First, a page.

• Concerns Continue to Arise over Performance-Based Funding for Universities Ahead of Snyder Budget

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    State should be focusing on providing adequate resources to schools in wake of slashing higher education funding over past decade

    LANSING – In his budget unveiling today, Gov. Rick Snyder is set to propose plans for tying school funding to a set of specific benchmarks for Michigan’s universities. However, while such “performance-based funding” proposals sound attractive, other states have shown that such programs have been abandoned by 14 states over the last thirty years.

    The American Federation of Teachers Michigan today cautioned that negative consequences could result if so-called “performance-based funding” initiatives are implemented for state schools. Such a funding mechanism has the potential to push universities toward raising the bar for college admittance for the sole purpose of increasing graduation rates, since universities would be solely focused on completion rates and not individual student success. Additionally, such school funding proposals may limit program and course offerings, discouraging innovation and entrepreneurial behavior.

    “Instead of purposing one-size-fits-all requirements on Michigan’s universities, Gov. Snyder and the state Legislature should be focused on restoring funding for last year’s cuts to higher education,” said David Hecker, president of the AFT Michigan. “Michigan has failed to adequately funding our college’s and universities, which makes affording college more difficult for families and students. We share in the goal of seeing more students succeed in the classroom, but additional requirements placed on already-strained universities is not the way to accomplish this.”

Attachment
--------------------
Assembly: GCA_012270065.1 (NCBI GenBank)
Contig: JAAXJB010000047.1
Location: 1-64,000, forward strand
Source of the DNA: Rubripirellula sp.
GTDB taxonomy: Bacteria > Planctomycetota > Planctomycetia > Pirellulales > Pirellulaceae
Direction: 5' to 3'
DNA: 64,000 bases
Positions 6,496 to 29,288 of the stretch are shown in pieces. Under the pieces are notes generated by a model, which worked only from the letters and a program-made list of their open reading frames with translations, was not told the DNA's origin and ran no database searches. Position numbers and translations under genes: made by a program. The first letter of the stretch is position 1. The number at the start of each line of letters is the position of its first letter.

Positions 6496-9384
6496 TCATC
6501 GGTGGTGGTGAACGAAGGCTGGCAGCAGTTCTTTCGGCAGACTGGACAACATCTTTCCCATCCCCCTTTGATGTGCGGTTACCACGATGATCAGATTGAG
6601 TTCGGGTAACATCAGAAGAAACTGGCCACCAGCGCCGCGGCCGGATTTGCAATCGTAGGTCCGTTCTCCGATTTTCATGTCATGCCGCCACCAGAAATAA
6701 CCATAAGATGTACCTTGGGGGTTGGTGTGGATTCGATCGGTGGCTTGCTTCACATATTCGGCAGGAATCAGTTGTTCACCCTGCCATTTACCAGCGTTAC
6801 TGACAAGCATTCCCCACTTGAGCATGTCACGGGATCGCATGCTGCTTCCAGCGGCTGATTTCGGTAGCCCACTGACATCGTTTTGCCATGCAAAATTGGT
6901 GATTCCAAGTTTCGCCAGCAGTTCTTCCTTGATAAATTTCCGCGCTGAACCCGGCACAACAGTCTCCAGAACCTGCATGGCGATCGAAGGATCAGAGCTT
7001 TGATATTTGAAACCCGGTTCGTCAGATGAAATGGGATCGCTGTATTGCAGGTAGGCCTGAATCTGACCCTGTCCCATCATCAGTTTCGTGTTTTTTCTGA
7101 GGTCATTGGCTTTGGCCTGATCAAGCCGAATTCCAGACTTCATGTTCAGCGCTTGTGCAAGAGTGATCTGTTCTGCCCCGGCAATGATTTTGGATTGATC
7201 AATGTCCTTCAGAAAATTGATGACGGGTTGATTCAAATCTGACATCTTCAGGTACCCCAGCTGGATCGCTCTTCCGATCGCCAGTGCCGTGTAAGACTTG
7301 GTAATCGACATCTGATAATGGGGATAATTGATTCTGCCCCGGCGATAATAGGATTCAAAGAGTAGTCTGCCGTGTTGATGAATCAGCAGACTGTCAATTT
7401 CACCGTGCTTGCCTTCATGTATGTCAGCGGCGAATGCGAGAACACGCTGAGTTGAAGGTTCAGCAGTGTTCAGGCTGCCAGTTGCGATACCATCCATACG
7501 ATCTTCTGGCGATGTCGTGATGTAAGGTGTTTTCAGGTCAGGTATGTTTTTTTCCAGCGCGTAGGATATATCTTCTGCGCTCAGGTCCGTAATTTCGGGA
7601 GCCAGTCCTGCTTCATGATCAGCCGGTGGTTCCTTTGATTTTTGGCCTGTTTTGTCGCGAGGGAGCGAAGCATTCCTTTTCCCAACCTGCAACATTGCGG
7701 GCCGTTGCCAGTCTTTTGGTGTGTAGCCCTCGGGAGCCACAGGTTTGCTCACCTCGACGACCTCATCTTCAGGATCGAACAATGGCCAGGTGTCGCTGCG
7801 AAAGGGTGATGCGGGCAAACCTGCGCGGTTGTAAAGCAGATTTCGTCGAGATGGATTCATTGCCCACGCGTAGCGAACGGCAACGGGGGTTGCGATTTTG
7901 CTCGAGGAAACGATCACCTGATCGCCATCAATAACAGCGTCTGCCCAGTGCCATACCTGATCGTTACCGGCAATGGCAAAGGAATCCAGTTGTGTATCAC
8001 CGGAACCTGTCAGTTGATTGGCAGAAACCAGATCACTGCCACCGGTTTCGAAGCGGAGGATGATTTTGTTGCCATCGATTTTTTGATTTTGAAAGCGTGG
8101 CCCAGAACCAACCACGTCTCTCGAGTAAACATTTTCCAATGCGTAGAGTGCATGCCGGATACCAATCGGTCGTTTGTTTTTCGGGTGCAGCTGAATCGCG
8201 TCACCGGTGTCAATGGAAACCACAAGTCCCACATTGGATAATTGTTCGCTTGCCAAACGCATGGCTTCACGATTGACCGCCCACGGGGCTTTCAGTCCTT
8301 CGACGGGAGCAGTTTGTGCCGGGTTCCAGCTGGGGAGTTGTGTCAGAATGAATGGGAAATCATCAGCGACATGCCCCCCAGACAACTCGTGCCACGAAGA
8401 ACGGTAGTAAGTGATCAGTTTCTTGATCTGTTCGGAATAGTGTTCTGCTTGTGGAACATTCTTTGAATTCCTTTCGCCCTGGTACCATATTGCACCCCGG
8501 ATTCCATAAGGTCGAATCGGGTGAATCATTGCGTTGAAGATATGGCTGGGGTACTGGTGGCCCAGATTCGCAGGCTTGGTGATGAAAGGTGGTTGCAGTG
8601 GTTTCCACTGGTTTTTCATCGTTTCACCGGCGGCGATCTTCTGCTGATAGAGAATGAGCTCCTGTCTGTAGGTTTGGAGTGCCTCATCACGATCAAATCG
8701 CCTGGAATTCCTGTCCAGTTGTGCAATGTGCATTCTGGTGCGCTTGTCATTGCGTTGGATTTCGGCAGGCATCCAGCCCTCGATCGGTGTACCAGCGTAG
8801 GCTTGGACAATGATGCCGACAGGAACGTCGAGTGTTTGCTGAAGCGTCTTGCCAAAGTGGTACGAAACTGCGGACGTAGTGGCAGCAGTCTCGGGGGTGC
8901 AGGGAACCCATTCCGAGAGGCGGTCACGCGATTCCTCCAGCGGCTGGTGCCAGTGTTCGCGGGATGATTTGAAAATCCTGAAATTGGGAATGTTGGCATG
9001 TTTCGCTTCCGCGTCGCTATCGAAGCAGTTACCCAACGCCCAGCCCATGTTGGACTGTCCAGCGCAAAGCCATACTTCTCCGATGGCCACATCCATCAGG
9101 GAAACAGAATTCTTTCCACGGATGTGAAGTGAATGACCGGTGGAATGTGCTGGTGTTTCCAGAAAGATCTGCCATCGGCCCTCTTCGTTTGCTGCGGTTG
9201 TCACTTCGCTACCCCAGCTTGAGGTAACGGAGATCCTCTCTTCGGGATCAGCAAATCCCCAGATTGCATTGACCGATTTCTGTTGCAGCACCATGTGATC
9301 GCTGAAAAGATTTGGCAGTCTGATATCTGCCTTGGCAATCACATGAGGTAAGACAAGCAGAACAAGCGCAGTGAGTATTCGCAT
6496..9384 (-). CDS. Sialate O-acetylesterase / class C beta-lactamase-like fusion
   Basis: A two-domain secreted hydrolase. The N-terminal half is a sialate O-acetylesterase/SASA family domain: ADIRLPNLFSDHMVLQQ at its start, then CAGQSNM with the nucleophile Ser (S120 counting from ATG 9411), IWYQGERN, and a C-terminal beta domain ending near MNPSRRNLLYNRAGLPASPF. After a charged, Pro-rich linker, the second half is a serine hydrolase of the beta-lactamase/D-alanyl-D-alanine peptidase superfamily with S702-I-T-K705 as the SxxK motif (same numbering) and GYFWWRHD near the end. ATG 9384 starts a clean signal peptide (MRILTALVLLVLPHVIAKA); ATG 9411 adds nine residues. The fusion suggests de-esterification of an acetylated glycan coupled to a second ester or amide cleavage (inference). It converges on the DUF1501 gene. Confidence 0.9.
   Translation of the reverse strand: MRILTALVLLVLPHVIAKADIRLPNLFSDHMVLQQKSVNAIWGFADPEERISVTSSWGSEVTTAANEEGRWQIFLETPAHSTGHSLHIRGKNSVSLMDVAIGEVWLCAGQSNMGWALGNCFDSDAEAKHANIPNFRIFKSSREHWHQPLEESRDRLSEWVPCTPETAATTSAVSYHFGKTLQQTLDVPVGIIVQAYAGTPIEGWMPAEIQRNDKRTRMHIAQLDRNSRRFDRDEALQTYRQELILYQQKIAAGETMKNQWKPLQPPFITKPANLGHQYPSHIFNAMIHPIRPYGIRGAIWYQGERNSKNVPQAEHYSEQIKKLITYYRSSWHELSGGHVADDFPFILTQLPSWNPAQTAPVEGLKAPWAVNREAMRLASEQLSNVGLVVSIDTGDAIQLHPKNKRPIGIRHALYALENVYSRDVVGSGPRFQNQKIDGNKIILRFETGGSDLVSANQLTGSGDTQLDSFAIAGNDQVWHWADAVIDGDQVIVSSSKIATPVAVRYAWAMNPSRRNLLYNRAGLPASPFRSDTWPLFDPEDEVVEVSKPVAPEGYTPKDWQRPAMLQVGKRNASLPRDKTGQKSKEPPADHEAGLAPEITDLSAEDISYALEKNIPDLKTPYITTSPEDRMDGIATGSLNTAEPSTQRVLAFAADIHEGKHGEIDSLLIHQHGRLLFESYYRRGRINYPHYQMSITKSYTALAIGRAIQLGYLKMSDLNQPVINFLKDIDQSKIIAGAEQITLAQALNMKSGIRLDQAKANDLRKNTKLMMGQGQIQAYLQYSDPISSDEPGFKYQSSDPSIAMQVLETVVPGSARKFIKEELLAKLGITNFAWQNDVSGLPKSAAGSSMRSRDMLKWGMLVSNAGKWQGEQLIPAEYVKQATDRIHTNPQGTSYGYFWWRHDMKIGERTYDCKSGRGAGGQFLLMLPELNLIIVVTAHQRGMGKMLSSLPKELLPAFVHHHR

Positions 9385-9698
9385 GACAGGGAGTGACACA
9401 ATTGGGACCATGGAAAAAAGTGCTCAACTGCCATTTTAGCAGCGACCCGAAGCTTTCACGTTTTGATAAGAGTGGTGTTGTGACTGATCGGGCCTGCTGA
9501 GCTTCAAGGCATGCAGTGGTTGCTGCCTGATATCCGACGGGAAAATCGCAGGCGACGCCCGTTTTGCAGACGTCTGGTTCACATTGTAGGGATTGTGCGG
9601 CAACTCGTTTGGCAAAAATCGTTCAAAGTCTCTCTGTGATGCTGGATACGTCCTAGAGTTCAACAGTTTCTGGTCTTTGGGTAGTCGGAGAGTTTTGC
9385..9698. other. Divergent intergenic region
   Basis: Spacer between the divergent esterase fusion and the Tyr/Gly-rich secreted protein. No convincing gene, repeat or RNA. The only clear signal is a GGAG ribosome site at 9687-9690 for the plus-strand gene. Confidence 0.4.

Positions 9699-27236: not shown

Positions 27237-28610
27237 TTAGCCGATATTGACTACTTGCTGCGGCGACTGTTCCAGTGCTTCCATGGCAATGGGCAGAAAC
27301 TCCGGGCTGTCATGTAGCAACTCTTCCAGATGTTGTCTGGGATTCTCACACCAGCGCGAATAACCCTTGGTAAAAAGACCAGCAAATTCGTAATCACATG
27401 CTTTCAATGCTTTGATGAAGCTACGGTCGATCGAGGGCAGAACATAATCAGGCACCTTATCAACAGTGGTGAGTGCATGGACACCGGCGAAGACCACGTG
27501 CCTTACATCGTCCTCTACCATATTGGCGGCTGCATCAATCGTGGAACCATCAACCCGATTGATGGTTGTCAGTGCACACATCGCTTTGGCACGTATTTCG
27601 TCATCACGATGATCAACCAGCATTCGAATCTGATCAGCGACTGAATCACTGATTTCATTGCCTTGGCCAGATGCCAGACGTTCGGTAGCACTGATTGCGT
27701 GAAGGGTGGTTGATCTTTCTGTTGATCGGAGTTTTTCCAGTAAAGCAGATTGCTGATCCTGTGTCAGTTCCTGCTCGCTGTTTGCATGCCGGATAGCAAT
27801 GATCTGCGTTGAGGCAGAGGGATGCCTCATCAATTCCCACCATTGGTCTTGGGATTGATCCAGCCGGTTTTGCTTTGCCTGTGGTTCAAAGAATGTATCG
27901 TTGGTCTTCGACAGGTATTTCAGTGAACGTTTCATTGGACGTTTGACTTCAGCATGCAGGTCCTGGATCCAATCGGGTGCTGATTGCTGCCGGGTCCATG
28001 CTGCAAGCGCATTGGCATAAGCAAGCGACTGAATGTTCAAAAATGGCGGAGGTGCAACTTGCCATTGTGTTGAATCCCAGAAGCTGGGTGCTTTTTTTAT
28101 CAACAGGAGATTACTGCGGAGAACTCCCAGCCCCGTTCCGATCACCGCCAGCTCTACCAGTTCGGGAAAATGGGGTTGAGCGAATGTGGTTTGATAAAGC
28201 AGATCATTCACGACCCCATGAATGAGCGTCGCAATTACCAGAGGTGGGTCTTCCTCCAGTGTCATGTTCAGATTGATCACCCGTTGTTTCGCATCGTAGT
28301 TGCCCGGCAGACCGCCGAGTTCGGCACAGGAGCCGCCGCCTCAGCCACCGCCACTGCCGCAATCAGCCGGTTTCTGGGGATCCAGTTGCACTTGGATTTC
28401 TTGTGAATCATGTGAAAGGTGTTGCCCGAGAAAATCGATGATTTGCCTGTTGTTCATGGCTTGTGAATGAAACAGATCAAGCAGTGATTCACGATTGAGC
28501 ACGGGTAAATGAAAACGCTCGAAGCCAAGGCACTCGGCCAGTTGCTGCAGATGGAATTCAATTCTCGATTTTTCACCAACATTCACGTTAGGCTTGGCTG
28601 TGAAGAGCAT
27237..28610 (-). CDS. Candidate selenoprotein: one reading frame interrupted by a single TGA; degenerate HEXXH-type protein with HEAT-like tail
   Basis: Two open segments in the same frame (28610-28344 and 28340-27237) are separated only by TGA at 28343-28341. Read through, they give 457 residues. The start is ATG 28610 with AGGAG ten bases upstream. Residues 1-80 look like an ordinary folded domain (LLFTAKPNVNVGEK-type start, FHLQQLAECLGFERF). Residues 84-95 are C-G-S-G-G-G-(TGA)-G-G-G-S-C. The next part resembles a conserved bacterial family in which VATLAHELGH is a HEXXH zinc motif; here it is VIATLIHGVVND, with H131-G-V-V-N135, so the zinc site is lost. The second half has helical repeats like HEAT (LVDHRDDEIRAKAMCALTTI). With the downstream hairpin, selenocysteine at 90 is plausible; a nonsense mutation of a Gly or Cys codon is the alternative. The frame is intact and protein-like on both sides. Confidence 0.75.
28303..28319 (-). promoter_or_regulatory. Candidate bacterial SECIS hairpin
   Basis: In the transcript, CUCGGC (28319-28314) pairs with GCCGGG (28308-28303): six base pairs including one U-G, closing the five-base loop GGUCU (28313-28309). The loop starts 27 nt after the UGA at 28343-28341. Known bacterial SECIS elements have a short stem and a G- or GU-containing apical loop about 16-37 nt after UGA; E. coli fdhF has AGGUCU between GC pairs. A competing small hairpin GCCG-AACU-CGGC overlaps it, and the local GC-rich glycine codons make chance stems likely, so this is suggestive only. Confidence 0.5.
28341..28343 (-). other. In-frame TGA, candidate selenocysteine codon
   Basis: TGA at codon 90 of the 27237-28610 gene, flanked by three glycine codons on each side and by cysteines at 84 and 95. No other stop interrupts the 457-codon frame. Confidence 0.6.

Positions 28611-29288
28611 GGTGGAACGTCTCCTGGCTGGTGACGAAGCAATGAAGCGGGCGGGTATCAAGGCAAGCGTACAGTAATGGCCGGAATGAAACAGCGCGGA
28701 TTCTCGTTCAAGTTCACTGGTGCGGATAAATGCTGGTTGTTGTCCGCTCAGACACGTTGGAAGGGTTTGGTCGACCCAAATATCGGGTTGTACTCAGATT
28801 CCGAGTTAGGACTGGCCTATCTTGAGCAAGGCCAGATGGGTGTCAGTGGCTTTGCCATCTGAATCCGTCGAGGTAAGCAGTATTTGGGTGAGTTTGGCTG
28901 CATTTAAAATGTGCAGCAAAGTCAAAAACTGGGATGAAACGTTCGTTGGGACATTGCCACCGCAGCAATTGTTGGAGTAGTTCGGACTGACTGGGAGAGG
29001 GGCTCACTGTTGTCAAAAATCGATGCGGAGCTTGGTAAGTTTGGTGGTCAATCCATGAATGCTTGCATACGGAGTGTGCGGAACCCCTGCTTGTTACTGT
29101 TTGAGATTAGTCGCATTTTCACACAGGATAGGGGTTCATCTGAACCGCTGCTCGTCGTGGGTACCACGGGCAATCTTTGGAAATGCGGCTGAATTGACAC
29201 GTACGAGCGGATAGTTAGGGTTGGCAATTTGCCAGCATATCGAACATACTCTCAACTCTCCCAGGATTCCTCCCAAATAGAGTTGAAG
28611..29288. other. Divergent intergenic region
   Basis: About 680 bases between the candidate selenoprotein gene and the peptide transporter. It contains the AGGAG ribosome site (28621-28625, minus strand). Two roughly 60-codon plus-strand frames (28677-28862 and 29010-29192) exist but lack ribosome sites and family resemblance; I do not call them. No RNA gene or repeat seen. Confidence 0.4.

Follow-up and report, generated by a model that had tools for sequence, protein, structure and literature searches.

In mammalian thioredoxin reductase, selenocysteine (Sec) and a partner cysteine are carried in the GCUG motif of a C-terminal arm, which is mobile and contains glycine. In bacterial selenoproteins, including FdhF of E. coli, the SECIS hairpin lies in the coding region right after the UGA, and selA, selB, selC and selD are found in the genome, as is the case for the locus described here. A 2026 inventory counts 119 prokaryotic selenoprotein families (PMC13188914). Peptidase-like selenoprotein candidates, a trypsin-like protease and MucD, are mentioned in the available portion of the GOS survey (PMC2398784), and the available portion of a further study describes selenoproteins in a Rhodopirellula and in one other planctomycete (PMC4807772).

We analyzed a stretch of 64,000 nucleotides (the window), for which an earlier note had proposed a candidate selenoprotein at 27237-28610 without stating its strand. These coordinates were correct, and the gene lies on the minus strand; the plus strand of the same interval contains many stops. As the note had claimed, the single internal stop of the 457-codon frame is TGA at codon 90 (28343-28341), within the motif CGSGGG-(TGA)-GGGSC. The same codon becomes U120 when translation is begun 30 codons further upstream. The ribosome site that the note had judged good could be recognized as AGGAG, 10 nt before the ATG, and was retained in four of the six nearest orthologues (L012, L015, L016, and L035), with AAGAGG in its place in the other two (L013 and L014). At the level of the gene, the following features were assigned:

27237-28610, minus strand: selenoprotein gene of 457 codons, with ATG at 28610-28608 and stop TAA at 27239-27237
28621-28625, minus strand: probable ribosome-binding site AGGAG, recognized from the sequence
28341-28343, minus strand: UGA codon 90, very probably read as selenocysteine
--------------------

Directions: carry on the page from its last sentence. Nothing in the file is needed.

Michigan has continued cut state appropriations for higher education over the last decade despite student enrollment increasing. From 2004 to 2009, Michigan suffered the sixth greatest drop in educational appropriations per full-time equivalent student in the nation. Additionally, Michigan saw the seventh highest increase in net tuition as a proportion of higher education revenue during the same period. The 2011-12 budget slashed higher education by another 15 percent.

    “So-called “performance-based funding” initiatives would further diminish access and opportunity for Michigan’s students,” Hecker continued. “Countless other states have showcased the pitfalls of such funding mechanisms and Gov. Snyder should focus on providing basic funding for universities before rushing into a new funding experiment.”

    AFT Michigan today also released a policy briefing memo to members of the Michigan legislature detailing why so-called “performance-based funding” is bad for Michigan’s students.

    A copy of the memo can be viewed here.

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